by Laurie Gudim
Most people I talk to tell me that their families, those with whom as children they sat down to big holiday meals, were a mixed bag. There were groping grandfathers, licentious cousins, and aunts whose every compliment was a veiled put-down along side those folks who were genuinely affable. Tensions between parents and grandparents, smoldering feuds, and historical family events no one was allowed to talk about were land mines in the fabric of these gatherings. And, regularly, people got hurt – sometimes badly.
This is one of the many reasons that the Christmas season can elicit all sorts of difficult feelings. A huge number of people suffer at this time of year. And being sad and angry as Christmas draws near is, of course, very isolating in a culture that is always chanting “merry and bright”, “joy to the world”, and “happy, happy Christmas”. It’s hard to break out of the mindset, induced by constant advertising, that suggests that we buck up and work hard, making those perfect purchases which will guarantee that the holiday will be magical.
Today’s Gospel reading is about a different sort of family gathering. Jesus and his disciples are preparing for that mementos Passover celebration that has come to be known as The Last Supper. Here we find the mysterious account of the man carrying the jar of water who leads Peter and John to the upper room where they will eat the Passover meal. And we also learn about another preparation. Judas confers with politicians and police, mapping out a way to betray Jesus.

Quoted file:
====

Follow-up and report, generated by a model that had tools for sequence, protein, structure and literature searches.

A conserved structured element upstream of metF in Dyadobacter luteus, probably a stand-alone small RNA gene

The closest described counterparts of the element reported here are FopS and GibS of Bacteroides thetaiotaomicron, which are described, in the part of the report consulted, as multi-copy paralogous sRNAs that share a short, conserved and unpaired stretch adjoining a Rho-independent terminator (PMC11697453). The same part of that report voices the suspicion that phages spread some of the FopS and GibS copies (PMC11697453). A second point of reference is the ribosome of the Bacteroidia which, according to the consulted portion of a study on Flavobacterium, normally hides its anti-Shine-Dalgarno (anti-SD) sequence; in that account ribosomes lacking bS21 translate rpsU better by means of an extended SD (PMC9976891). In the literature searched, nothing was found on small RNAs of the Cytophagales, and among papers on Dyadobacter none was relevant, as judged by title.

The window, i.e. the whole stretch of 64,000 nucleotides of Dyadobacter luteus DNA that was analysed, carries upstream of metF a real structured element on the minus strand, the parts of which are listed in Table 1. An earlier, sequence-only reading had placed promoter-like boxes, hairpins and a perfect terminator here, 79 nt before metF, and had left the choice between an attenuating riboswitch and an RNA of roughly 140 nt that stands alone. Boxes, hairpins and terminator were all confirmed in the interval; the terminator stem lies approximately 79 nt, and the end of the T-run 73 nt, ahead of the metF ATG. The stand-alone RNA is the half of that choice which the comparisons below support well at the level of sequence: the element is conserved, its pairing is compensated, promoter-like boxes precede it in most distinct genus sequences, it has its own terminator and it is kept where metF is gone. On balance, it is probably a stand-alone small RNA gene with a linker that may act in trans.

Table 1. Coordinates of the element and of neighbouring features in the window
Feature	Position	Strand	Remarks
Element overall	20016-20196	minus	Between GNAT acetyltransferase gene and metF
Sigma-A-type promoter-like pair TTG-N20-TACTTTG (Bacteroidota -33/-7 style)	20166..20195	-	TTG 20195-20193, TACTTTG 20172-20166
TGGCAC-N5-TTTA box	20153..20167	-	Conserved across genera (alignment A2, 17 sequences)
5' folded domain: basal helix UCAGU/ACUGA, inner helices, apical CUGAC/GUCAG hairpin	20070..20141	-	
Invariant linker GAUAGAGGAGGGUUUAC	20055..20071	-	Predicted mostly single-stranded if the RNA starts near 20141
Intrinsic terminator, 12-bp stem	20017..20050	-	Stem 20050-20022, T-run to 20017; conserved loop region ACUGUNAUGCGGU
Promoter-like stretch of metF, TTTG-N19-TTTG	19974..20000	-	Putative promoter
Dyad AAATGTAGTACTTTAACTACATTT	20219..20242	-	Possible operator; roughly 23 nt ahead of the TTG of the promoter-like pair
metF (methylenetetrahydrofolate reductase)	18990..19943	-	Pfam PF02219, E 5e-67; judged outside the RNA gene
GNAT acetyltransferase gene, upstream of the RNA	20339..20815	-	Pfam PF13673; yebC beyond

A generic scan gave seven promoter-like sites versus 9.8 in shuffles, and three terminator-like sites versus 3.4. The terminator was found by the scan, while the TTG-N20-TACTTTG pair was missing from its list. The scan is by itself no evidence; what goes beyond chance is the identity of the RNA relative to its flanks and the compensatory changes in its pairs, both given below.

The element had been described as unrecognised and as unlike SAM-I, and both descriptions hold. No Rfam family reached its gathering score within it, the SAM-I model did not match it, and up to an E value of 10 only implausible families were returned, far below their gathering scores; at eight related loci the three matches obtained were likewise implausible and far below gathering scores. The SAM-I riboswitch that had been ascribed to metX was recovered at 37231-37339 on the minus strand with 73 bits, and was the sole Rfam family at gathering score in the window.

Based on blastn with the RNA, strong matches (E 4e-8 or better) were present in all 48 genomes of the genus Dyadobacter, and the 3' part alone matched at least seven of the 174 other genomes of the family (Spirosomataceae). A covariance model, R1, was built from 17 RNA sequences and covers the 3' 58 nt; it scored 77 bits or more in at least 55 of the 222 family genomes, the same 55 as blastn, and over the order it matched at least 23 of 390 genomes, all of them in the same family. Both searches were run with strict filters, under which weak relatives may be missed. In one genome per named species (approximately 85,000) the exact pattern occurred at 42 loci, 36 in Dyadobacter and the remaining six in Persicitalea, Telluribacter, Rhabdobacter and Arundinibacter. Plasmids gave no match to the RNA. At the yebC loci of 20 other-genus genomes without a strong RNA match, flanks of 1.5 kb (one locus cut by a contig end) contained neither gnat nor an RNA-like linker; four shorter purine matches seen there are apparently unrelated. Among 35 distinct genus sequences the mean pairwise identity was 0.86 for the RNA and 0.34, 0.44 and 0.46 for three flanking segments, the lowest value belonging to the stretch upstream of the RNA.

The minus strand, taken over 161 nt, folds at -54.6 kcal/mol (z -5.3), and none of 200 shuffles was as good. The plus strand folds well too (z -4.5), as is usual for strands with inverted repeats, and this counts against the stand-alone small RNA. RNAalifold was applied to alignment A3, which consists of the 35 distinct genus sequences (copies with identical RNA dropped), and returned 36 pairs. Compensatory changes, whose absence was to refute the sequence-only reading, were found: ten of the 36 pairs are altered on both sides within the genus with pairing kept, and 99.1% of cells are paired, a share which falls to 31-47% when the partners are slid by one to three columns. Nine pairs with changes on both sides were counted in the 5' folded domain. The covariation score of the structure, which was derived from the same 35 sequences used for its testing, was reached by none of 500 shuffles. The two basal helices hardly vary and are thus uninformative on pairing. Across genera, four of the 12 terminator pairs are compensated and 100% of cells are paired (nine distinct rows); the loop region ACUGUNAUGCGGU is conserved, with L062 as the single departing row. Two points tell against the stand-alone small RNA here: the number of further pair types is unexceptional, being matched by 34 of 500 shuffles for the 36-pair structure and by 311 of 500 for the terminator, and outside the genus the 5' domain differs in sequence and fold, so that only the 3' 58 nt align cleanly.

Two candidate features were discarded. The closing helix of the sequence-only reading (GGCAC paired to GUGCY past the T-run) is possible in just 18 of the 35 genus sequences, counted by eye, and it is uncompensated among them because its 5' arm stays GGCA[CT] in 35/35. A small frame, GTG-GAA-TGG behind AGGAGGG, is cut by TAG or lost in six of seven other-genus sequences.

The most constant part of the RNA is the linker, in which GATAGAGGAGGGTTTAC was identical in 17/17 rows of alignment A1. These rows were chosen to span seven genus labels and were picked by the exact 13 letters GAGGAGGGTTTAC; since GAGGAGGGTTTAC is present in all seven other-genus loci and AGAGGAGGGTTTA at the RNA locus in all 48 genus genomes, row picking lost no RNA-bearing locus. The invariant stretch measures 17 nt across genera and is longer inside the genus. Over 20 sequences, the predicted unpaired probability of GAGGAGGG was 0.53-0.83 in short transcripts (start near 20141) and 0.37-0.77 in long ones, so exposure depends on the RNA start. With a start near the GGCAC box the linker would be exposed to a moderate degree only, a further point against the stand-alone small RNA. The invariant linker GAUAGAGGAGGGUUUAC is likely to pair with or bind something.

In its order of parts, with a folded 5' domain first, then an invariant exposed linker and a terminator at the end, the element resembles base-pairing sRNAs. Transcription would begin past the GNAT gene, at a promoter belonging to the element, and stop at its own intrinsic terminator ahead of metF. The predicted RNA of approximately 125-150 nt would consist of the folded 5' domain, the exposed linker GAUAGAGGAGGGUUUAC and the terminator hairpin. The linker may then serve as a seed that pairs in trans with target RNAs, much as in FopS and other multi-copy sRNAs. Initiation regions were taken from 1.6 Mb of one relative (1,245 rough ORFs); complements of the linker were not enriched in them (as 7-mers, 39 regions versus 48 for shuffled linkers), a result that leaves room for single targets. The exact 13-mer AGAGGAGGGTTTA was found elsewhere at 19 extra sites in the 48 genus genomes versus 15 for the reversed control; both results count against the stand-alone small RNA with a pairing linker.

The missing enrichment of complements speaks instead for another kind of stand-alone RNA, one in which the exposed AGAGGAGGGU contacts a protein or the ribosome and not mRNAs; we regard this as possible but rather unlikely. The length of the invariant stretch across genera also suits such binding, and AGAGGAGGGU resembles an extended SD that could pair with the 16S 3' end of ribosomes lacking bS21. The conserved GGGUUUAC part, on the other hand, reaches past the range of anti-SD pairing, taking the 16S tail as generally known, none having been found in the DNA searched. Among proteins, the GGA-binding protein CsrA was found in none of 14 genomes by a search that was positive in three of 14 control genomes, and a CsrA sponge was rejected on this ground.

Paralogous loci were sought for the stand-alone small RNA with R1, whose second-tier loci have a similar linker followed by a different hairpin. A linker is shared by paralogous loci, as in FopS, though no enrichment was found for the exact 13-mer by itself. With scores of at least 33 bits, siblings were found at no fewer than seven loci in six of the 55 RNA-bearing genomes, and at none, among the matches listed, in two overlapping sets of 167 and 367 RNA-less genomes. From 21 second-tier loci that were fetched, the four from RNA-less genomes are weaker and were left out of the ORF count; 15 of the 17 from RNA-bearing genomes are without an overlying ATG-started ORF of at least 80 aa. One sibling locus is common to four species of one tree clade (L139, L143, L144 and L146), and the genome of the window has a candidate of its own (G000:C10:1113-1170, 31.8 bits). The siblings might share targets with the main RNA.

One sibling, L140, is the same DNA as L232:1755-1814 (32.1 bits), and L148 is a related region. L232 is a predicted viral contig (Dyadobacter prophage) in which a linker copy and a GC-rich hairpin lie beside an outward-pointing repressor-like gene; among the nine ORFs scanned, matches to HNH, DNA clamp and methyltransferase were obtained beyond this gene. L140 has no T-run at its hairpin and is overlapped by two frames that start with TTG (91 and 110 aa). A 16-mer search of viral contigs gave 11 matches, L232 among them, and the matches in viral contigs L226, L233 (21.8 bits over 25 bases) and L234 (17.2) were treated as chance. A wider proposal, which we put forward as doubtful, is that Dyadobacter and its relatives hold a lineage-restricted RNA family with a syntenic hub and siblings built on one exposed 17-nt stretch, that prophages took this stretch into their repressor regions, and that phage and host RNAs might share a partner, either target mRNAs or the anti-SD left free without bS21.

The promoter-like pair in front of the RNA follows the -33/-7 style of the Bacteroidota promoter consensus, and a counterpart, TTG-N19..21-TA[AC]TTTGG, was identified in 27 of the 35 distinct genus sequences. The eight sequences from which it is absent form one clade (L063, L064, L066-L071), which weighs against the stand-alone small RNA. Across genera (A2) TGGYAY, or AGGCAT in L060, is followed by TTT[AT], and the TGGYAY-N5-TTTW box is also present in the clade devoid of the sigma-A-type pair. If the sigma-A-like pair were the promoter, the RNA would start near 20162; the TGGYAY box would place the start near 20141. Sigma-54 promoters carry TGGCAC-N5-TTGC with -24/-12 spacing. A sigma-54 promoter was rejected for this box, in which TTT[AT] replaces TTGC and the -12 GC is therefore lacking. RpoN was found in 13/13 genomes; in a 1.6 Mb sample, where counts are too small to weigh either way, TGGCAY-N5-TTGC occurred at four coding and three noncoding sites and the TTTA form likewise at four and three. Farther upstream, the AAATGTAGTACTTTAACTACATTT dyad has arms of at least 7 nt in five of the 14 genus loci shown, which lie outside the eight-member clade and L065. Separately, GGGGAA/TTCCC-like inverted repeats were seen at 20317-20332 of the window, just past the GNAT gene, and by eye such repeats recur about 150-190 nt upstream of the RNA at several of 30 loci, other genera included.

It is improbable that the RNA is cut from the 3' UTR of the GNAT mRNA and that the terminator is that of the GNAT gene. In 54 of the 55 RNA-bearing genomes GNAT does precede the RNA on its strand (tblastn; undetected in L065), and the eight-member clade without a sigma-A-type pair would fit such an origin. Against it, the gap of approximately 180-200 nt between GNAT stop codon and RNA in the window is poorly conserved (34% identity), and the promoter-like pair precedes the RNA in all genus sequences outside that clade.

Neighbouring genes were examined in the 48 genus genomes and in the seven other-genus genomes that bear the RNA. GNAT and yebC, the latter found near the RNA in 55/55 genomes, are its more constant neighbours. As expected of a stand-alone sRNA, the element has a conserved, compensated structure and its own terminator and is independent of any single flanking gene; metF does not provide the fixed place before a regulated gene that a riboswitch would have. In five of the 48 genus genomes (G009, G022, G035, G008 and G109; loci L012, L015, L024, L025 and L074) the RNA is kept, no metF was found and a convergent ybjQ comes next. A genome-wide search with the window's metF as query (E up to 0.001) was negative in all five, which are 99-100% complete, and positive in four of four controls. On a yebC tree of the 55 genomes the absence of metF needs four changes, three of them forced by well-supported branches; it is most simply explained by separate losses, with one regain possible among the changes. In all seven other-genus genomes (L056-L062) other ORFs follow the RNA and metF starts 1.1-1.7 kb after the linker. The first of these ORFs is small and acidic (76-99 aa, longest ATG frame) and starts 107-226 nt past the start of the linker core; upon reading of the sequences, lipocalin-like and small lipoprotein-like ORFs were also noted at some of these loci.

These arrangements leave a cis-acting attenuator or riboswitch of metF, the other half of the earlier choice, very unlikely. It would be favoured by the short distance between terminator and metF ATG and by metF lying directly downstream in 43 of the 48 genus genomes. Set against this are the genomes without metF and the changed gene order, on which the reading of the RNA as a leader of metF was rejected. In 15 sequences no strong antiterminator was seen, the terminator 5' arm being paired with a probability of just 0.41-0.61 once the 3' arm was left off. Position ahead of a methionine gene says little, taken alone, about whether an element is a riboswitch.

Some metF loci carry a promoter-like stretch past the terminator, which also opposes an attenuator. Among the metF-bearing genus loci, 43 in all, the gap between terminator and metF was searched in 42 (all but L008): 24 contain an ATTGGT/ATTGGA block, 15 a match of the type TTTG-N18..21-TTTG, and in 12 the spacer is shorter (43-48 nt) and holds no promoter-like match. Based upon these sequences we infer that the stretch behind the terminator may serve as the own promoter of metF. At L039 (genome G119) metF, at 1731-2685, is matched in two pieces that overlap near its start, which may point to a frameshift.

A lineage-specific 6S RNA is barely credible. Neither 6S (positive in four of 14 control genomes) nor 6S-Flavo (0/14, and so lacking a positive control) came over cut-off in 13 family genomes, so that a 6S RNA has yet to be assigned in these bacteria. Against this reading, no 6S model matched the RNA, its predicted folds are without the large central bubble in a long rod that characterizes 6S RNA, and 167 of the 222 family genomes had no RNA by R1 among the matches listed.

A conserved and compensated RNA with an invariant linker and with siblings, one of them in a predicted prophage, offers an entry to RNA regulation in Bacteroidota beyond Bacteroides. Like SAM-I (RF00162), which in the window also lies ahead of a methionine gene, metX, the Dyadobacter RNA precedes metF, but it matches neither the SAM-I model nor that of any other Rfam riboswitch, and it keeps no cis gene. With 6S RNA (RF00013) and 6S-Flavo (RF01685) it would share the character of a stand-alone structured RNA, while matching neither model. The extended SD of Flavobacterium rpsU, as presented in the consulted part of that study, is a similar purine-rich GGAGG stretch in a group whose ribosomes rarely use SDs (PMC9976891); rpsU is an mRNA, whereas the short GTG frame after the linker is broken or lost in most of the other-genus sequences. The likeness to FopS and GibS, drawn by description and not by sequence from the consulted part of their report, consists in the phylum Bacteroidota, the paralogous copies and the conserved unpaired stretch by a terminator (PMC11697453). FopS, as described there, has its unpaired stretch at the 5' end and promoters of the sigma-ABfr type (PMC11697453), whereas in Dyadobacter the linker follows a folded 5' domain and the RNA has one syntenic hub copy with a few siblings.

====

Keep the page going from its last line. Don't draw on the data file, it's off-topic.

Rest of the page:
Judas was one of Jesus’ closest disciples, beloved by the entire inner circle of Jesus’ followers. His betrayal of Jesus is horrible, unbelievable – only obscured by the even-worse things that happened after it.
I am reminded again that Jesus Christ did not come to bring an end to suffering, betrayal and death on this planet. He did not. Nor did he refrain from experiencing the worst, the most painful, the most debilitating, and the darkest aspects of living as a human being. He did not try to rise above his feelings or to change what was happening in his inner circle; he suffered. He did not try to cheat death; he died.
But there is more to the story. He conquered suffering not through denying it but through living it, and then going on, going through the worst of it, on to the other side. And the same is true of death. He experienced death. He was truly and completely dead. But then he went on.
There is something more, something beyond, something larger, if only we can allow our suffering souls to embrace the worst of our pain and then live on through it to the other side. There is something bigger even than death, a belonging that transcends the worst the world can dish out.
In this Christmas season I promise that our pain is real and needs our care-full embrace. Our suffering is authentic and must be allowed its say. And there is another shore beyond this huge black river in which we might find ourselves swimming. Jesus Christ waits for us there, having come this way himself and having experienced every bit of it – first.